Vet Minute: How to Collect Seminal Fluid From a DogJanuary 29, 2020
In this Vet Minute, Revival's Director of Veterinary Services, Dr. Marty Greer, talks about artificial insemination for dogs and how to collect seminal fluid.
If you need help, call us at 800.786.4751.
Video TranscriptCanine artificial insemination can be a successful breeding tool, when done correctly. I'm Dr. Marty Greer, Director of Veterinary Services at Revival Animal Health. To perform canine artificial insemination you will need the following tools - non-latex gloves, Breeder's Edge® Collect Him Pipettes and Collection Cones, Priority Care non-spermicidal lubricating jelly and a semen safe syringe. Males will collect better if there is a female dog in heat you can use as a teaser. The male should be on a non-slip surface in a quiet room with few distractions. Having one person hold the female dog steady is very helpful. The person holding the male should hold him with a loose leash, avoiding pulling back on his collar if he attempts to mount the female. There should be minimal talking. Allow the male to approach the female's rear end, avoiding allowing her to swing around and startle him. Gently slide the prepuce, the skin covering the penis back to expose the bulb of the penis, Slide the lubricated collection sleeve onto his penis and hold gentle steady pressure above the bulb of the penis to encourage an erection. Allow him to thrust or if he needs encouragement, stimulate above the bulb of the penis. The second part of the collection, cloudy with sperm, is the portion of the collection you should keep. Avoid collecting urine or semen with blood. Once the sperm-rich fraction is collected, remove the sleeve and lubricate his penis with Priority Care so he can comfortably retract his penis into the prepuce sheath. Assure there is no hair caught in the skin, which can lead to pain or damage to the penis. Prior to insemination, perform an analysis of the semen.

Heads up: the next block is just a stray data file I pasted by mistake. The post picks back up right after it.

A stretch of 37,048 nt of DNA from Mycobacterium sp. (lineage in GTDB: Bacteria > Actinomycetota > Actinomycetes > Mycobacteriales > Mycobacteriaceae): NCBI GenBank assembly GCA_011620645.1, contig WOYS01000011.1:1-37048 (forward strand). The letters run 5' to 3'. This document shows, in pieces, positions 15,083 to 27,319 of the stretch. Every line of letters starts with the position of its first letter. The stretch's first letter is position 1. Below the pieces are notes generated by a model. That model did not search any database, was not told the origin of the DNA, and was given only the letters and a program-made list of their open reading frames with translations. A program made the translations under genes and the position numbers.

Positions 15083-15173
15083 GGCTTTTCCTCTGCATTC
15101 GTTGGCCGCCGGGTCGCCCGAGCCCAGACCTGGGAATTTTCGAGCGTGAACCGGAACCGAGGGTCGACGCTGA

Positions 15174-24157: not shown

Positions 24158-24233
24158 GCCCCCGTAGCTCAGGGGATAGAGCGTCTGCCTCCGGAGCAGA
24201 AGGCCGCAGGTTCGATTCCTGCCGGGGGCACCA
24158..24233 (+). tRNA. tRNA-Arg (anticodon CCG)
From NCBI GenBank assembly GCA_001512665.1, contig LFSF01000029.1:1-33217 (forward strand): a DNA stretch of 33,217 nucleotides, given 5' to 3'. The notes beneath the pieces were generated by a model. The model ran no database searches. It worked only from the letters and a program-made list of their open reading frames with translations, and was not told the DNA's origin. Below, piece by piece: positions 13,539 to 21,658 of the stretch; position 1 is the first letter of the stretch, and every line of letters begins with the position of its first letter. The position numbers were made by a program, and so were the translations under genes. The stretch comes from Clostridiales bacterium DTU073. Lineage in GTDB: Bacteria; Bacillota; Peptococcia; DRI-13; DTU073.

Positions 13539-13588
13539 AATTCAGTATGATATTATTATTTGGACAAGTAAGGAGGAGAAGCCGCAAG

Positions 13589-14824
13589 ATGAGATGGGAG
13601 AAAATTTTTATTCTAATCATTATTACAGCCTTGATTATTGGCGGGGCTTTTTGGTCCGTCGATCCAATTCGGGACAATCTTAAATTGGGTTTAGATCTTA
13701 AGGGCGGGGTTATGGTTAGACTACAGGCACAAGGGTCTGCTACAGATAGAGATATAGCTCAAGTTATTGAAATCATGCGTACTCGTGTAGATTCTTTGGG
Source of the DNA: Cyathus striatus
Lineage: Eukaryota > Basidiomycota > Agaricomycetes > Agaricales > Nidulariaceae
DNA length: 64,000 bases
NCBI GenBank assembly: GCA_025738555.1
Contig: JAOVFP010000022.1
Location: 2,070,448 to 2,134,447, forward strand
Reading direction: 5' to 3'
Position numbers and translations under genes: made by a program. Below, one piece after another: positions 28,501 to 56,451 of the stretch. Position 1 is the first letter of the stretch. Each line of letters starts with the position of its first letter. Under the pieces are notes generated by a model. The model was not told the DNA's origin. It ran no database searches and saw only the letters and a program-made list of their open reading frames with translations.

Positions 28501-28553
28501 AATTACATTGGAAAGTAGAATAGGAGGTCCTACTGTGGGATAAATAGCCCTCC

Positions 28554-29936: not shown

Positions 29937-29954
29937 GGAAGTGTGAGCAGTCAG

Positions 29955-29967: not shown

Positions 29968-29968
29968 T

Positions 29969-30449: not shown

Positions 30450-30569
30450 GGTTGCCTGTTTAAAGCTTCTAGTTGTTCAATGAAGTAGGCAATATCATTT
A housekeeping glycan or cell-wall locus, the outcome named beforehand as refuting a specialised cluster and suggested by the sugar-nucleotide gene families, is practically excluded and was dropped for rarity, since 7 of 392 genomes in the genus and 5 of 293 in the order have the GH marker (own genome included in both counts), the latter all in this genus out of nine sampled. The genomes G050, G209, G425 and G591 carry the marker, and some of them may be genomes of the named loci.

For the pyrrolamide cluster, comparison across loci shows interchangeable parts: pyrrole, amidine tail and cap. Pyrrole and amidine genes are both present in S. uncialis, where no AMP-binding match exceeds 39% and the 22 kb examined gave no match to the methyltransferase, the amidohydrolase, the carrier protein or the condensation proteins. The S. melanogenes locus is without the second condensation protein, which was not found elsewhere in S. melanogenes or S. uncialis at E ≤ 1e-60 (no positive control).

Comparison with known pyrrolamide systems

Marty Greer, Doctor of Veterinary Medicine, has 35+ years' experience in veterinary medicine, with special interests in canine reproduction and pediatrics. She received her Doctor of Veterinary Medicine from Iowa State University in 1981. She's served as Revival's Director of Veterinary Services since 2019.
The materials, information and answers provided through this website are not intended to replace the medical advice or services of your personal veterinarian or other pet health care professional. Consult your own veterinarian for answers to specific medical questions, including diagnosis, treatment, therapy or medical attention.